At first, people hated it. But much as they complained, Facebook’s data logs suggested they came around quickly. The News Feed caused more people to spend more time on Facebook, a trend that picked up speed during the years that followed. Meanwhile, nearly every other social web service, from Twitter to Instagram to Pinterest, adopted the format.I always thought Facebook followed Twitter, but I guess Twitter was still in the phase of primarily using being an SMS-based notifier in 2006. I wrote about the power of the stream a few years ago (curious I didn't talk about RSS, though that's never been a huge player.) The ability to assemble a page from a bunch of people likely to write stuff you find interesting generally overwhelms the old individual blogosphere, and in fact only the most diverse news websites seem able to maintain an audience to their separate front page.
FB's curation seems unique to me; I think that is the most underappreciated feature of the site. It's much maligned. On other sites, like Twitter, users protest loudly whenever that service fiddles with its traditional "posts from everyone I'm subscribed to, in the order things were posted" model and the service backs down more often than not. On FB, people also pine for a simpler model, but their cries are generally unheeded. I think most users don't realize what a fire hose an unfiltered set of posts from all their "friends" would be.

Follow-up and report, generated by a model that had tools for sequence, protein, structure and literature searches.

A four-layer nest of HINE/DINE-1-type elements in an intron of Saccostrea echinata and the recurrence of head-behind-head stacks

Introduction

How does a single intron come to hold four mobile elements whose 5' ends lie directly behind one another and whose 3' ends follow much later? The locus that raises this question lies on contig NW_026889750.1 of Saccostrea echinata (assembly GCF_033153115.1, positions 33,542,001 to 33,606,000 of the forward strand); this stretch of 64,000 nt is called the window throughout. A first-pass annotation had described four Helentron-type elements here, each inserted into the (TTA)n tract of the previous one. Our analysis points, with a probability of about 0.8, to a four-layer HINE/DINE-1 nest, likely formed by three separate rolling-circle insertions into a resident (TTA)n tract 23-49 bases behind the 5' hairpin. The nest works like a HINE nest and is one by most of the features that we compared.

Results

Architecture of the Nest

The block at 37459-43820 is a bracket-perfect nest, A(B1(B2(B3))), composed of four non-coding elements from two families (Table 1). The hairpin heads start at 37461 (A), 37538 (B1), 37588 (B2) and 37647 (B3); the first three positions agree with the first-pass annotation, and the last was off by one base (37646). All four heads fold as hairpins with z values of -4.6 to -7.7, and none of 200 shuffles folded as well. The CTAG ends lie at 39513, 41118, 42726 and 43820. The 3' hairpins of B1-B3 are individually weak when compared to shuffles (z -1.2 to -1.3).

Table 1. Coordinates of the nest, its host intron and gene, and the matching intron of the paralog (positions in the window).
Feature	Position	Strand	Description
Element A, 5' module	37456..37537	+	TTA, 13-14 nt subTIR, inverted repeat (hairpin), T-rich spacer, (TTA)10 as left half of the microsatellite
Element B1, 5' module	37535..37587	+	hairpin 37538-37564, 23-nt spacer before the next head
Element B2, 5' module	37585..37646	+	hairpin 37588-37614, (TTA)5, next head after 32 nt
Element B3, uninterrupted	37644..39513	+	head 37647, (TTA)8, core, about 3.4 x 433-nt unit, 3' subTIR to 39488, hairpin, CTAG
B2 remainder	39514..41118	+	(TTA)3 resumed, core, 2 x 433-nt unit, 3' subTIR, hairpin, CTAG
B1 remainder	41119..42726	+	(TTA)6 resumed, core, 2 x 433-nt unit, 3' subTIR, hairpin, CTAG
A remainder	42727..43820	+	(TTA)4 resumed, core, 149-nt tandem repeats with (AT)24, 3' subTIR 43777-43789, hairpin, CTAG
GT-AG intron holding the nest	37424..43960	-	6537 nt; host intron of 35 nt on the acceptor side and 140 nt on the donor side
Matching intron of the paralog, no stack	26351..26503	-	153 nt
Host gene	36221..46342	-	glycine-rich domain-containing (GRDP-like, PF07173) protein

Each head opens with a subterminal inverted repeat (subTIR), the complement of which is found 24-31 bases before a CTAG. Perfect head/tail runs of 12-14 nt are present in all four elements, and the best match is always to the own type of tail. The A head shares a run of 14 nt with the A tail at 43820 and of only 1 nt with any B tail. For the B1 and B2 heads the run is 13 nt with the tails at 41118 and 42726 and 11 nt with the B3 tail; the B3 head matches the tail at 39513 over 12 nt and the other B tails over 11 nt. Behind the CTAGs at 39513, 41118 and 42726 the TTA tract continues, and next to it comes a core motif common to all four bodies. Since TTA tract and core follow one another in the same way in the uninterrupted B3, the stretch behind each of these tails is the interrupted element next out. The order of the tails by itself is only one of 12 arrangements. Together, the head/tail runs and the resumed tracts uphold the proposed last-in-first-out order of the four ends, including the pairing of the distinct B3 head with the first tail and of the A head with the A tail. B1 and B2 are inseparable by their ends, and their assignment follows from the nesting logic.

Actually, for me Twitter suffers from the same fire hose effect, and so I pay less attention to it. (Also, the 140 limit used to seem cute and pithy, but now feels so confining.) I tried using Twitter lists to get a more limited subset of posts, but those listss are oddly downplayed in main Twitter web UI. And anyway, it fails pretty hard in Zacho Holman's Don't Give Your Users S**t Work kind of way; having to keep up to date groupings of all your contacts is laborious.